Rhinos wearing satellite tracking collars with spy cameras implanted into their horns could help turn the tables on poachers, experts believe.
The British-designed system incorporates a video camera, GPS, and a 24-hour heart-rate monitor that triggers an alarm the moment a rhino is shot.
Poachers caught in the trap will have no time to escape as park rangers are helicoptered to the scene of the crime within minutes.
Video footage captured by the miniature horn camera will then provide the evidence needed to secure a conviction.
The hope is that the technology, which could be trialled in South Africa in the next six to nine months, will act as an effective deterrent against out-of-control rhino poaching. It could also be adapted for other hunted animals, including elephants and tigers.
Dr Paul O'Donoghue, who developed the Protect RAPID (Real-time Anti Poaching Intelligence Device) system and has worked with endangered black rhino populations for more than 15 years, said: "Currently a rhino is butchered every six hours in Africa. The issues are many, but there's far too much money at stake to believe that legislation alone can make the difference.
"We had to find a way to protect these animals effectively in the field; the killing has to be stopped.
"With this device, the heart-rate monitor triggers the alarm the instant a poaching event occurs, pin-pointing the location within a few metres so that rangers can be on the scene via helicopter or truck within minutes, leaving poachers no time to harvest the valuable parts of an animal or make good an escape.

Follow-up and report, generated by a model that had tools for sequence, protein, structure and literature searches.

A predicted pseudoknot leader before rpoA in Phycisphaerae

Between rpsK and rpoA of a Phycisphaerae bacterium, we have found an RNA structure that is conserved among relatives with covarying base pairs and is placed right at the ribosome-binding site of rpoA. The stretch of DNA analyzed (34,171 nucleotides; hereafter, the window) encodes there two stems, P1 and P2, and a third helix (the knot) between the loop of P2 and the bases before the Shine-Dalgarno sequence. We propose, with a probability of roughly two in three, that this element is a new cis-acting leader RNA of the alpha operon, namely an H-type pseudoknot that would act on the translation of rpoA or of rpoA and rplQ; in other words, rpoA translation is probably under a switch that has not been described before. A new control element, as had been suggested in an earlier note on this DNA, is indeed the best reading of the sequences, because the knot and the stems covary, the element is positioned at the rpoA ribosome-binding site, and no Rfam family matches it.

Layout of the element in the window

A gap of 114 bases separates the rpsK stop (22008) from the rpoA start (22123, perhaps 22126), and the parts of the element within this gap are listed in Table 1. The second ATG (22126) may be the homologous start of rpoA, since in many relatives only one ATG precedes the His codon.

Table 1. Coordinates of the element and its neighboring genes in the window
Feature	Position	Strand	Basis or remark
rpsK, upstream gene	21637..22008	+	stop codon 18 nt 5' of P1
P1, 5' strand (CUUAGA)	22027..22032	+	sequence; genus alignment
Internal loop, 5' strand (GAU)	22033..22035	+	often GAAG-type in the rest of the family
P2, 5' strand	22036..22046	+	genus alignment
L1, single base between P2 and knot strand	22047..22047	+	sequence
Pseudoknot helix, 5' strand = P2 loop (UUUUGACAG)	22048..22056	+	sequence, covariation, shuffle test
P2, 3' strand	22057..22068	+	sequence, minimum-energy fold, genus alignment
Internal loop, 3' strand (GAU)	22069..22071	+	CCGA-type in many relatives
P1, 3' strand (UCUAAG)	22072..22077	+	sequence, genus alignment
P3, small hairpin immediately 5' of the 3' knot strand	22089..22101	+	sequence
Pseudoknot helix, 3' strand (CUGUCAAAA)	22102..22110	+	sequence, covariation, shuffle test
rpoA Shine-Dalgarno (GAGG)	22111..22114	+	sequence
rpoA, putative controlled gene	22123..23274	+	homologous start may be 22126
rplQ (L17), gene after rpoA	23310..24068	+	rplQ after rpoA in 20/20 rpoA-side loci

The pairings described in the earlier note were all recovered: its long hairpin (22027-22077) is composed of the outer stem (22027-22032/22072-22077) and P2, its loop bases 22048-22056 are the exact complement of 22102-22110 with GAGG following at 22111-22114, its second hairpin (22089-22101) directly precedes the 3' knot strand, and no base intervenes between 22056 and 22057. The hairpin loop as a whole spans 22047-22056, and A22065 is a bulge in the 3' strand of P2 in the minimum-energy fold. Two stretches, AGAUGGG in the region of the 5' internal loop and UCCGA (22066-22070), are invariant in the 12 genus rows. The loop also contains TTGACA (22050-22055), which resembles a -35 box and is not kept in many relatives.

"You can't outrun a helicopter - the Protect RAPID renders poaching a pointless exercise."
Since 2007, rhino poaching has increased by more than 9,000-fold in South Africa alone.
Patrolling every part of the vast landscapes where rhinos live is effectively impossible, meaning poachers often operate with no risk of being caught.
Dr O'Donoghue, a lecturer in biological sciences at the University of Chester, developed the anti-poaching system for the non-profit conservation organisation Protect which plans to conduct the first trials next year.
Protect director Steve Piper said: "Proof-of-concept research has already been completed and we're ready to take the device into the field. We expect to have the first rhino prototypes out within months and are just beginning development on versions for tigers and elephants.
"We hope to have a fully functional control centre established early next year. The figures make it painfully clear; there is no time to waste, the tide has to be turned and the Protect RAPID can do it. The only thing heading for extinction over the next decade is poaching itself."
Mammal ecologist Dean Peinke, from the Eastern Cape Parks and Tourism Agency in South Africa, said: "We simply don't know where or when poachers might strike, to effectively patrol these vast landscapes requires an army and still poachers could find a way through.
"They are well organised and equipped, and they will find gaps in almost any defence because the rewards are so great.
"These devices tip the balance strongly in our favour. If we can identify poaching events as they happen, we can respond quickly and effectively to apprehend the poachers."
A research paper outlining the concept appears in the Journal of Applied Ecology.
Claire Bass, executive director of the animal protection organisation Humane Society International UK, which contributed funding to the project, said: "Reducing market demand is critical to safeguard wildlife long term, but it needs to be coupled with urgent, effective action to stop the current poaching crisis.
"The Protect RAPID could be a game changer in the increasingly desperate fight against poaching, and the technology has the potential to be applied to other critically endangered species including tigers and elephants.
"We are excited to have this opportunity to fund the project and hope other backers will join us to get the technology into the field as quickly as possible."